27. The method of claim 24, wherein said rod includes a window defined therein, the method comprising looping an excess portion of said tether through said window.
28. A method, comprising:
providing a guidewire device including a tether having a distal end and a proximal end and at least one elastic anchor hook adjacent said distal end of said tether, wherein said anchor hook is composed of a shape memory material and is configurable in a first unstressed position and a second deformed position, wherein said guidewire device further includes a retractable outer sleeve having a distal end and a proximal end and defining an elongated bore, wherein said anchor hook and said tether are positioned in said bore of said outer sleeve with said anchor hook being deformed to said second deformed position within said bore of said outer sleeve;
deploying said anchor hook out of said bore of said outer sleeve, wherein said anchor hook reforms toward said first unstressed position;
anchoring said anchor hook into bone at a desired location;
removing said outer sleeve from surrounding said tether; and
advancing a medical device over said tether to position said device adjacent said anchor hook at said desired location, wherein said medical device includes a cannulation for passage of said tether.
29. The method of claim 28, wherein said first position is substantially curved and said second position is substantially straightened.
30. The method of claim 28, wherein said device further includes a rod having a distal end and a proximal end and defining an elongated bore, wherein at least a portion of said tether is received in said bore of said rod and said rod is configured to be received in said bore of said outer sleeve.
31. The method of claim 30, comprising crimping a section of said rod to join said tether and said rod.
32. The method of claim 30, wherein said rod includes a window defined therein, the method comprising looping an excess portion of said tether through said window.
33. The method of claim 32, comprising pulling said rod in a direction away from said anchor hook to retract said excess portion of said tether out said window.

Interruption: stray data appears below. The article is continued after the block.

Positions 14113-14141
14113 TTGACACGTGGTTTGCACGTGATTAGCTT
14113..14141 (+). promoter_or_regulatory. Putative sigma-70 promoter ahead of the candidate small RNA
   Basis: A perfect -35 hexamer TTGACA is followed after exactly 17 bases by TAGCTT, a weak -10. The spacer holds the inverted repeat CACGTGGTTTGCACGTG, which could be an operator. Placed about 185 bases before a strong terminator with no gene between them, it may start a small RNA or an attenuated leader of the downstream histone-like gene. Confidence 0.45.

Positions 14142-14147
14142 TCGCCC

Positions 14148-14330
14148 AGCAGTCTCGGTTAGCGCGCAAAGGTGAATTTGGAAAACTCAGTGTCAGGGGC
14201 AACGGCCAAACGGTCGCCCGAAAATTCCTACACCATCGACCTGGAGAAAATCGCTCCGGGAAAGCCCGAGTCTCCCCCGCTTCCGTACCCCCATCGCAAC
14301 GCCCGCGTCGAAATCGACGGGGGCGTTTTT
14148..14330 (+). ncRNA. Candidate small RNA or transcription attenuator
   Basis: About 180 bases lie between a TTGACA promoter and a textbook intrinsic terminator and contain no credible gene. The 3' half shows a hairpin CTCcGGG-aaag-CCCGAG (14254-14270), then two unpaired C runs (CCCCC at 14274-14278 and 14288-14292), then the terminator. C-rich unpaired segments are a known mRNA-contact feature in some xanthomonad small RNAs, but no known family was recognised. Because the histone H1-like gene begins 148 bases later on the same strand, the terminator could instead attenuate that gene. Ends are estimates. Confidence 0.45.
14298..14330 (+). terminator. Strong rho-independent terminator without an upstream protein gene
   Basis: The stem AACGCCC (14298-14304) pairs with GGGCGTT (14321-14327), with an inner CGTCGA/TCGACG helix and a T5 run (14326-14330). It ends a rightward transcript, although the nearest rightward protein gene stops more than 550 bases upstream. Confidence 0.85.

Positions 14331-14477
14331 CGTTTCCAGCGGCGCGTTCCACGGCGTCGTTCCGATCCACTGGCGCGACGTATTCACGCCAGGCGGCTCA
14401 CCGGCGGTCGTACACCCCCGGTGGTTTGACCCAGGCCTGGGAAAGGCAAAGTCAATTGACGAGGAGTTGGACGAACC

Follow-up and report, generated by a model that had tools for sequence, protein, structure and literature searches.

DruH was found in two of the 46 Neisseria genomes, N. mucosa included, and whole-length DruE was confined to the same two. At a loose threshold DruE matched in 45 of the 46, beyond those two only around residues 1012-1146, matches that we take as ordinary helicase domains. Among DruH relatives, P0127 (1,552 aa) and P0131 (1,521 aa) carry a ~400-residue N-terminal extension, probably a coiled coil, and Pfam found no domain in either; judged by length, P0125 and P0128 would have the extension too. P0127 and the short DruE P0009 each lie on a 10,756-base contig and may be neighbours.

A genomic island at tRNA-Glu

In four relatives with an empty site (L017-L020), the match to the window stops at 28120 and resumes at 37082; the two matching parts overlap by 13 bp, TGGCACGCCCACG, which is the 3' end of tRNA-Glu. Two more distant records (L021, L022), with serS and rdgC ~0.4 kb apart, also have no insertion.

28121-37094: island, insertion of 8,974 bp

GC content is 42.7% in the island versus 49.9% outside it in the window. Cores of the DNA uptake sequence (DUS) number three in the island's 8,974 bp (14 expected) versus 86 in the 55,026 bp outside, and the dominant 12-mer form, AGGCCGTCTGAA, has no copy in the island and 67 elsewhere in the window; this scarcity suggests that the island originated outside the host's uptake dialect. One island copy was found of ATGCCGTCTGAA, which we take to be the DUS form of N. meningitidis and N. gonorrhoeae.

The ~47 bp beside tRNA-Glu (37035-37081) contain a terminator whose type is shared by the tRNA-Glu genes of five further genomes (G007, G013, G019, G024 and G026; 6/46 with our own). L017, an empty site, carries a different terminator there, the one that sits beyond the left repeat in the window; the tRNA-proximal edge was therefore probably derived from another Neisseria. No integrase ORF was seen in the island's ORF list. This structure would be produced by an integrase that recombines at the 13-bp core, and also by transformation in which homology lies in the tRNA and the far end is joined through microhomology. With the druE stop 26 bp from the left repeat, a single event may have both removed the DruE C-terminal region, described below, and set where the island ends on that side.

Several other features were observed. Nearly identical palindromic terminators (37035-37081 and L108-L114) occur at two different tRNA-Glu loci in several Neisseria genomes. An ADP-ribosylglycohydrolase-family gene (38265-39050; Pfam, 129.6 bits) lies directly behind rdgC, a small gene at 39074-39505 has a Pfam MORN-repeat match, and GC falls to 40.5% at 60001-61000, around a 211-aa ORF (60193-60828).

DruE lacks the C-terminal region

34. The method of claim 28, comprising providing a crimp defining an elongated bore, wherein part of said tether and said anchor hook are received in said bore of said crimp.
35. The method of claim 28, comprising providing a deployment button, said button being selectively moveable within said bore of said outer sleeve to deploy said anchor hook out of said bore of said outer sleeve and into bone.
36. The method of claim 28, comprising drilling a hole in bone at said desired location, wherein said anchor hook is deployed into said hole in bone.
37. The method of claim 28, comprising removing said tether and said anchor hook from said desired location, wherein said removing comprises withdrawing said anchor hook through said cannulation in said medical device such that anchor hook elastically deforms to said second deformed position.
38. The method of claim 28, wherein said shape memory material is a shape memory alloy.
Description

The present disclosure broadly concerns tether systems and relates to a system involving a temporary anchorable tether system and method for introducing a medical device through a surgical opening in a body and guiding the position of the device to a desired location. The present disclosure more specifically, but not exclusively, concerns a flexible tether engaged with two elastic anchor members configured to be deployed and anchor into tissue or bone. The system can be useful in orthopedic procedures, and more specifically in procedures correcting spinal injuries or deformities.

In the realm of orthopedic surgery, it is well known to use implants to fix the position of bones. In this way, the healing of a broken bone can be promoted, and malformations or other injuries can be corrected. For example, in the field of spinal surgery, it is well known to place such implants into vertebrae for a number of reasons, including (a) correcting an abnormal curvature of the spine, including a scoliotic curvature, (b) to maintain appropriate spacing and provide support to broken or otherwise injured vertebrae, and (c) perform other therapies on the spinal column.

Additionally, numerous medical procedures have come into common usage for accessing a desired location within the body in a minimally invasive manner to perform a wide variety of diagnostic and therapeutic procedures. Such medical procedures generally involve the use of a medical instrument, such as a small diameter probe as an example, to create a pathway through the skin and tissue to the desired site. In some approaches, a guidewire is then utilized to extend through the skin to the accessed site to enable over-the-wire advancement of therapeutic, diagnostic or surgical devices, including implants or instruments, to the desired location.